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Audrey Salkeld, pioneering historian of Everest, dies at 87

In a tribute, Climbing magazine called Salkeld 'the world’s pre-eminent expert in Everest history'

Adam Nossiter New York Published 28.11.23, 10:53 AM
Everest historian Audrey Salkeld

Everest historian Audrey Salkeld The Telegraph

Audrey Salkeld, a pioneering historian who mined archives that had been neglected for decades to write about mountains like Kilimanjaro and Everest, which she also ascended, died October 11 in Bristol, England. She was 87.

Her sons Ed and Adam Salkeld said the cause of death, at an assisted living facility, was dementia.


In a tribute, Climbing magazine called Salkeld “the world’s pre-eminent expert in Everest history”.

Her books include First on Everest: The Mystery of Mallory & Irvine (1986, with Tom Holzel), about an ill-fated Everest expedition by George Mallory and Andrew Irvine in June 1924. When Mallory’s frozen remains were discovered on Everest’s slopes in 1999, Salkeld was the expert everyone wanted to speak with. She had even climbed the mountain looking for his body.

That mysterious and deadly peak in the Himalayas, the highest point on Earth, dominated her life and career, her sons remembered in telephone interviews from London. She was fascinated by the men who had dared to take it on and wanted to understand why they had done so.

“It was the eccentric kind of characters that were able to do this,” Ed Salkeld said. “That was what interested her.”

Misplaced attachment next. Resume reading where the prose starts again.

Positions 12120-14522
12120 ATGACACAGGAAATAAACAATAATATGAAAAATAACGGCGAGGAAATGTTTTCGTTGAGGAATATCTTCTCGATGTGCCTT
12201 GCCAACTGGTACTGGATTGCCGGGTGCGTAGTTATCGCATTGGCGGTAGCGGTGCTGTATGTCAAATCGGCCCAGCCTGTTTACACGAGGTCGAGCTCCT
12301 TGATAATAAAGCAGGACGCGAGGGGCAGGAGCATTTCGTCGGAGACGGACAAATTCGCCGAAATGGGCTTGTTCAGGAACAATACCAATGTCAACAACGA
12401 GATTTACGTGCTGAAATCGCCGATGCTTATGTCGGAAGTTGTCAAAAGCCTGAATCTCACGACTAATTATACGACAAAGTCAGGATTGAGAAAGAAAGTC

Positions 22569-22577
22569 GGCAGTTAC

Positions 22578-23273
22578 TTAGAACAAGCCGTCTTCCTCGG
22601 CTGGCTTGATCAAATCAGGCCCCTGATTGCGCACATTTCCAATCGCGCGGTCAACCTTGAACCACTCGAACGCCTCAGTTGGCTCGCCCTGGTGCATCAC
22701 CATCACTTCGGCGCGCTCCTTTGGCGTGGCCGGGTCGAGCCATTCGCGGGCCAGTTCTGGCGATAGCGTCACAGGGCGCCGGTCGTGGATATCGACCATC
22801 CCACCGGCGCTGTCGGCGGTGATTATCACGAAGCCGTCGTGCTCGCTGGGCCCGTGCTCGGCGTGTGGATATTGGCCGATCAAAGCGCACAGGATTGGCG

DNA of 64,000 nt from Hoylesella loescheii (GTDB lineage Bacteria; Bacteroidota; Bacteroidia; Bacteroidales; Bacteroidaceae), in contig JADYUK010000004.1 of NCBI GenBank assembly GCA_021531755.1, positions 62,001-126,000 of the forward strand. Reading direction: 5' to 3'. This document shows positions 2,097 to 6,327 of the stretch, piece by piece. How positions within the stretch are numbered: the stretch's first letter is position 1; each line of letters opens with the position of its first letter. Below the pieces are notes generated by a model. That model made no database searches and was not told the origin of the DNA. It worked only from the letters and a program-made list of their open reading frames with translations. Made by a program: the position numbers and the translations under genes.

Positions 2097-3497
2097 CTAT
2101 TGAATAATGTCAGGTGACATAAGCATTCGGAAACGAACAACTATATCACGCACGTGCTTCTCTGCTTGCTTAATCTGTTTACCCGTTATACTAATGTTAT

Audrey Salkeld carved out a singular place in the field in Britain, where mountains and mountaineering have had a particular pull, bound up with the country’s imperial history and its 19th-century fascination with the Alps.

Researching Mount Everest, she trawled 56 boxes of forgotten archives at the Royal Geographical Society in London, reconstructing the early expeditions and bringing to life mysterious figures like Mallory. For decades mountaineers had been haunted by the question of whether he had reached the summit, which would have made him the first, ahead of Edmund Hillary in his 1953 ascent with Sherpa Tenzing Norgay (sometimes spelled Norkay). Salkeld was unable to solve the mystery, though she remained a deeply informed sceptic.

“Mallory had always been portrayed as a sort of heroic figure,” she told the BBC, “and a lost hero always has a little bit more attraction.”

David Breashears, a climber with whom Salkeld collaborated on films about Everest and Kilimanjaro, in Tanzania, recalled that her modesty had led people to underestimate her considerable talents.

New York Times News Service

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